• Express Warranties—An express warranty is a statement that the manufacturer or seller of the product specifically makes, either in writing or verbally, regarding the use, quality, or suitability of the product. Express warranties may be found in packaging, instructions, or advertising/marketing. An example of an express warranty would be a statement in packaging or advertising that a certain type of glue is suitable for bonding plastic. If you use it to bond a plastic bumper on your car, and it fails, causing injury, you have a claim based on a breach of express warranty of merchantability.
  • Implied Warranties—The laws of some states provide for implied warranties that apply to consumer products sold within the state. The two common implied warranties are the warranty of merchantability and warranty of fitness for a particular purpose. The implied warranty of merchantability guarantees that a product can be used in the manner intended without posing an unreasonable risk of harm. The implied warranty of fitness for a particular purpose goes a step further, finding a seller liable if they knew a buyer planned to use a product for a specific purpose, even if an express warranty precluded that type of use. As an example, let’s say you purchase an epoxy that specifically states that it is not suited for plastic, but you tell the seller you intend to use it on a plastic fixture. If the epoxy fails and the plastic fixture falls and causes you injury, then you may have a claim for breach of the implied warranty of fitness for the particular purpose.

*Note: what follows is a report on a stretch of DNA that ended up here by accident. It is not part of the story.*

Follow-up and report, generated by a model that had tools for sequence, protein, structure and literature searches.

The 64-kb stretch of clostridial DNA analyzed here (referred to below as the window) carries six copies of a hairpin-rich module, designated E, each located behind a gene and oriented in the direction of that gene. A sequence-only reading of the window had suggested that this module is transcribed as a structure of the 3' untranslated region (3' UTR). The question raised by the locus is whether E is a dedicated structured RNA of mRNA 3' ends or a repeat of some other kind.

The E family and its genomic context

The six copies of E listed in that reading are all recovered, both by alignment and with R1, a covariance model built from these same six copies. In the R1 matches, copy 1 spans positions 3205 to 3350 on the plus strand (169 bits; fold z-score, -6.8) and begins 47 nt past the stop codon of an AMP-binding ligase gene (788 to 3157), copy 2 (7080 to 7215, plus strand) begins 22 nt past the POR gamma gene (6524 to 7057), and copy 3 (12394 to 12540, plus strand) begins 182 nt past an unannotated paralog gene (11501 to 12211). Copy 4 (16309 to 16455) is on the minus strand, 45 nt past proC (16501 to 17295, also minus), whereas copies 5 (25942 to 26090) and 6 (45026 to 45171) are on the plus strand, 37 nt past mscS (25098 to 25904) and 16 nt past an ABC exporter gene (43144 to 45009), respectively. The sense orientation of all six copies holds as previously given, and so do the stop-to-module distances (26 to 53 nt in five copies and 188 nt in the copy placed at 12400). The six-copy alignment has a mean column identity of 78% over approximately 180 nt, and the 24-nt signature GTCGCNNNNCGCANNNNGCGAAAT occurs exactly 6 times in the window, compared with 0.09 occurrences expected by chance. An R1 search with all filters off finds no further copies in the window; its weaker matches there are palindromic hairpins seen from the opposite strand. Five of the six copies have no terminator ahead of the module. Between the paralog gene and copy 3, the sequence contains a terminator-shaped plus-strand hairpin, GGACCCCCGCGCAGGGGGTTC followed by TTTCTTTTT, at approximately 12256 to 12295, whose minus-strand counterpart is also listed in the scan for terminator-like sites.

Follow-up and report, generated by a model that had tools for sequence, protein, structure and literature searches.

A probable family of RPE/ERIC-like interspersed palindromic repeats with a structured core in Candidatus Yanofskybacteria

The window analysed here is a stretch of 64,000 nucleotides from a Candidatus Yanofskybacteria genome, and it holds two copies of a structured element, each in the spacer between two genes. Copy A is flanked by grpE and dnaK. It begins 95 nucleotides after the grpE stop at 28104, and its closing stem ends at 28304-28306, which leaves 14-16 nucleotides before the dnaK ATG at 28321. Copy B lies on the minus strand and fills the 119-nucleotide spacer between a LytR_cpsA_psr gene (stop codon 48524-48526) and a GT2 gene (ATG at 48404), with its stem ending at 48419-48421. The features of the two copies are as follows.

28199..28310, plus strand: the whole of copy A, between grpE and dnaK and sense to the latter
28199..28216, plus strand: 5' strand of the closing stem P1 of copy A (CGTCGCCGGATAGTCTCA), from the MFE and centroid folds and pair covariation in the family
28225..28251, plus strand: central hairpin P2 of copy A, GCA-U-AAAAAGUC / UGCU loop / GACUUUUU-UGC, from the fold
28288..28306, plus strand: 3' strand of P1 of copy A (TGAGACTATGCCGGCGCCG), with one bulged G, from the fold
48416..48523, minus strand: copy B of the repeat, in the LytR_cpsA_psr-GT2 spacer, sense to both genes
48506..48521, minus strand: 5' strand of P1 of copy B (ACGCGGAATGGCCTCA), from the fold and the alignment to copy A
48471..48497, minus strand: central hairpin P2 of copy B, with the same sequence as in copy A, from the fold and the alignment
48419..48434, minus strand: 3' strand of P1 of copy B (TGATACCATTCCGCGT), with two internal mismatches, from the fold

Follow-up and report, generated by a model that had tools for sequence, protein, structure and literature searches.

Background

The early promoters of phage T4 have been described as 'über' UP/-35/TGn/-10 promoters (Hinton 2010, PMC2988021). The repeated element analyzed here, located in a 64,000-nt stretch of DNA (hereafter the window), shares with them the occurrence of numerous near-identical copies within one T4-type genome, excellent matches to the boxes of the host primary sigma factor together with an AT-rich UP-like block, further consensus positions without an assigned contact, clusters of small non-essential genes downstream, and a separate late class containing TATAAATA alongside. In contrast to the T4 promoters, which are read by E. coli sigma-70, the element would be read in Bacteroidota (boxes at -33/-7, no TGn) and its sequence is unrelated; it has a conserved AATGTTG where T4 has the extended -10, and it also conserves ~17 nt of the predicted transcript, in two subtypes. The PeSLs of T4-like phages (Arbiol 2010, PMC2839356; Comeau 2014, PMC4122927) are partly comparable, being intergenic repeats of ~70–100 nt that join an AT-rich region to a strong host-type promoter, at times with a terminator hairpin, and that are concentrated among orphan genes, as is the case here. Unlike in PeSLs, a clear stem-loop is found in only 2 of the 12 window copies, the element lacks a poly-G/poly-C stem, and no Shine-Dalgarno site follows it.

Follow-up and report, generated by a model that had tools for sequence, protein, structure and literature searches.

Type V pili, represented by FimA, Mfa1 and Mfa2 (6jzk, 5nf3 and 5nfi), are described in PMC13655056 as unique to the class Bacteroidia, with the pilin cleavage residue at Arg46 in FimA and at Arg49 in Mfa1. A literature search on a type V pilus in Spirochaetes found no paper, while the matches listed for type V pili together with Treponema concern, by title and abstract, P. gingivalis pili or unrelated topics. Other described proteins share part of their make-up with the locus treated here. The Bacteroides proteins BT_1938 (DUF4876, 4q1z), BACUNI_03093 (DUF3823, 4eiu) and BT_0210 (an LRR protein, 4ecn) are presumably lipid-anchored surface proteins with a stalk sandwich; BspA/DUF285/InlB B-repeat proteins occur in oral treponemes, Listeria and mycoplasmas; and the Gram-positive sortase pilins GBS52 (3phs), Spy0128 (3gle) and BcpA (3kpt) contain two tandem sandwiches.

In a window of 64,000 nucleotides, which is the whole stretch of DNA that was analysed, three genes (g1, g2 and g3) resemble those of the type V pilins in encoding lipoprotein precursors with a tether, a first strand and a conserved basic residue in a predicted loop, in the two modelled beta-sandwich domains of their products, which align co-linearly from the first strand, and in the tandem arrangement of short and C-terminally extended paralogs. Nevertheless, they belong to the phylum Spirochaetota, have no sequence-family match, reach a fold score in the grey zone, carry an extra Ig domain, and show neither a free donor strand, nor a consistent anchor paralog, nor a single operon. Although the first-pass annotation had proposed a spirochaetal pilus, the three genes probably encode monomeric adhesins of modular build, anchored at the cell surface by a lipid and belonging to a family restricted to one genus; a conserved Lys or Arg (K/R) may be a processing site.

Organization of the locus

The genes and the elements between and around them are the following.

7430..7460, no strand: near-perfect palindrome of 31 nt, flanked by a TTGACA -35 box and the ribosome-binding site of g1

What Are Common Defenses to a Product Liability Claim?

A number of defenses can be raised in a product liability lawsuit. Among the most common that might be applicable, depending on the facts of the case, are the following:

  • The injured party modified the product, thereby rendering it unsafe.
  • The injuries suffered were reasonably foreseeable; therefore, the plaintiff assumed the risk of injury.
  • The injured party was aware that the product was defective and continued to use the product.
  • The injuries were suffered while the plaintiff was using the product in a manner not intended or foreseeable by the manufacturer.

Closely tied to this last defense is the concept of comparative negligence, which applies when the injured party has acted in some way that contributed to causing the injury. In most states, if a product was indeed defective, but was also used by a person in a way not intended by the manufacturer, then the injured person and the manufacturer are both considered to be partially at fault. Applying the principle of comparative negligence, the court apportions a percentage of fault to the injured person and reduces any damage award accordingly.